Civil War: War on the Rivers, Rails and Mountains

Chickamauga and Chattanooga National Military Park
View from Lookout Mountain.  Chickamauga and Chattanooga National Military Park

By Mark Bielski, Ph.D.

In 1864, General William Tecumseh Sherman assumed command of the western Union armies after U.S. Grant transferred east to face Robert E. Lee in Virginia.  Sherman enacted a grand plan that summer. He was to begin a campaign that consisted of a series of battles in northern Georgia. His ultimate goal was to destroy the Army of Tennessee and take the Confederate city of Atlanta. This would also sever supply lines that were vital to the Confederate war effort.

While Sherman was not successful in destroying the Confederate army he faced, he did capture Atlanta that September. Other than the military achievement, it had a dual effect. It lifted the spirits of northerners who had grown weary of the war, and it inspired political confidence in President Abraham Lincoln who was running for re-election that fall.

This campaign was also the starting point of Sherman’s infamous “March to the Sea,” in which he left a swath of devastation throughout the Georgia countryside. This war on the civilian populace greatly darkened the prospects for the Southern cause and sapped the morale countless soldiers fighting far from home.

Leading the Confederates initially was Joseph E. Johnston. But his conservative defensive tactics wore on the patience of Jefferson Davis, President of the Confederate States of America, who replaced him with General John B. Hood.

Civil War: War on the Rivers, Rails and Mountains

It is the history of this campaign that we study on the Civil War: War on the Rivers, Rails and Mountains Tour, which covers the battles at Allatoona Pass, Peach Tree Creek, Resaca, Dalton and Ringgold Gap. We also get to have the diversion of the famous Great Locomotive Chase that occurred earlier in the war. Two films portrayed this adventure, the 1926 silent classic made by Buster Keaton and the more serious portrayal in 1956 that starred Fess Parker.  We see the actual locomotive and the interpretation of the chase at the Southern Museum of Civil War and Locomotive History.

From Atlanta, we move north to Chattanooga where we visit the Chickamauga National Military Park. Here we experience the interpretation of that costly Confederate victory. A Union colonel described the opposing armies as “two wild beasts” fighting each other “in a knock-down and drag-out encounter.” This is where Union General George Thomas, a Virginian who was disowned by his family, earned the moniker, “Rock of Chickamauga” for his staunch defense of the Union retreat.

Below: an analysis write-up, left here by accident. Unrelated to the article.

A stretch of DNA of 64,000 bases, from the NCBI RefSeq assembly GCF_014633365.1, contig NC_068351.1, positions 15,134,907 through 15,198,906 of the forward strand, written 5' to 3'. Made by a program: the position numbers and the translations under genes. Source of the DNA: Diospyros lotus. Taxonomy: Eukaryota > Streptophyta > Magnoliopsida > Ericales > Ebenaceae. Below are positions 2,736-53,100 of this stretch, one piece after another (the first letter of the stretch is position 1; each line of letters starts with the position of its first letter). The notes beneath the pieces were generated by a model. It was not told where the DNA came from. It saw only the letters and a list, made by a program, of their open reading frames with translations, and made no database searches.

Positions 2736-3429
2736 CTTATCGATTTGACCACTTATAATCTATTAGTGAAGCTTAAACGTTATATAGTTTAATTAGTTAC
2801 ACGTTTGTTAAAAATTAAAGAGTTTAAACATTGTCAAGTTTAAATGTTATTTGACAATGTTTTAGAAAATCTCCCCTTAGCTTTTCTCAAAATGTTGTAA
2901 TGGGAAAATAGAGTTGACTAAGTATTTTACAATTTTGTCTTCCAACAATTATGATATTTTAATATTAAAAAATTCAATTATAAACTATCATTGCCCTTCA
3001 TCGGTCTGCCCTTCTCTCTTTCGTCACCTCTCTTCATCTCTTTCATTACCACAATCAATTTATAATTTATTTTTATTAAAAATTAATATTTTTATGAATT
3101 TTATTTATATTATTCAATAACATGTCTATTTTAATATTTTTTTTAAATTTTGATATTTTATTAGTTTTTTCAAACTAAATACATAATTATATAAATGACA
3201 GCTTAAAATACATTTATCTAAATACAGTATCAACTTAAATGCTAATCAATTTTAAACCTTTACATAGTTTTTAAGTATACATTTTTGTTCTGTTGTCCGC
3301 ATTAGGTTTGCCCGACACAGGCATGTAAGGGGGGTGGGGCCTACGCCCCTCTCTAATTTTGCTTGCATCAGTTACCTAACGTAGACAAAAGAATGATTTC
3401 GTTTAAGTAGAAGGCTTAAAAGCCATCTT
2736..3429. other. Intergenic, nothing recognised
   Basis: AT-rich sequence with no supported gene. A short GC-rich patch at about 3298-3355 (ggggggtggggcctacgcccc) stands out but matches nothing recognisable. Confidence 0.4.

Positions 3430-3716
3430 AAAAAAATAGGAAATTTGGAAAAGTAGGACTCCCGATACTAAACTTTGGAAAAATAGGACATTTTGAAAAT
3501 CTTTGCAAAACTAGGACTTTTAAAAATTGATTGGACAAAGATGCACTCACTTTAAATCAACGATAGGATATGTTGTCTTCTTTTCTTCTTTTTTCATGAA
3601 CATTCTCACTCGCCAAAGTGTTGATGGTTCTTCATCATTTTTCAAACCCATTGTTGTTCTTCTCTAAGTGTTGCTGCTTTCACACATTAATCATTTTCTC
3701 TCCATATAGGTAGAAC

We move forward to the sites of the Chattanooga Campaign by beginning in front of the HQ of General Thomas where Ulysses S. Grant arrived to take command of the army in October 1863. We are treated to some spectacular views in our ascent of Lookout Mountain for the “Battle Above the Clouds.” We follow with a rare visit to Brown’s Ferry before proceeding to take in the pivotal actions at Missionary Ridge. We cap our stay amidst the charm and hospitality of downtown Chattanooga.

In moving north to Murfreesboro, we get to visit the crucial 1862-63 New Year’s battle of Stones River. The casualties and carnage that took place here horrified citizens throughout both North and South.

Personal stories always make history come alive and add realism to the narrative. A stop in Spring Hill gives us a glimpse of a jealous husband’s revenge. Here local Tennessee Doctor George Peters assassinated Confederate General Earl Van Dorn, the dashing Mississippi cavalier, for “violating the sanctity” of his home by having an affair with his young wife.  

Jefferson Davis had wanted more aggressiveness in his Army of Tennessee commander when he appointed General Hood to relieve Joe Johnston. Hood embodied this trait almost to a fault and we see evidence of it at Franklin, Tennessee. Hood had wanted to prevent this part of the Union army from uniting with General Thomas’ forces in Nashville. The November 30, 1864 battle culminated with a disastrous frontal assault that the Yankees repelled with grim results for the Rebels. The deadly charge killed six Confederate generals, including Irishman and once-rising star, Patrick Ronayne Cleburne who disappeared in the smoke of battle with a bullet through his heart. 

In Franklin, we see the civilian side of the war in our visits to the Carter and Lotz Houses. We get to envision what must have been an anguishing endurance of hell for the two families as they huddled in their cellars while the battle raged around them.

The failure at Franklin did not deter Hood, who proceeded with his battered and bloodied force toward Nashville where 55,000 Union troops awaited him. He encamped south of the city, where in mid-December General Thomas began his assault. The soldiers in blue were able to sweep over the dug-in Confederates and their earthworks, forcing a two-mile withdrawal. 

Another fierce attack the next day forced the Confederates into a hasty retreat. Only an effective rear guard action saved Hood’s men from total destruction. The successive losses at Franklin and Nashville virtually put an end to the only remaining mobile Confederate army in the South.

Travel on the Civil War: Rivers, Rails and Mountains Tour

“This tour fills an important need in the study of the Civil War—a most welcome addition to the Ambrose offerings!” – G. Bowles

Explore the rivers and ridges from Atlanta to Chattanooga to Nashville and the battles that raged there with Parker Hills, one of the best Civil War historians you will find anywhere.

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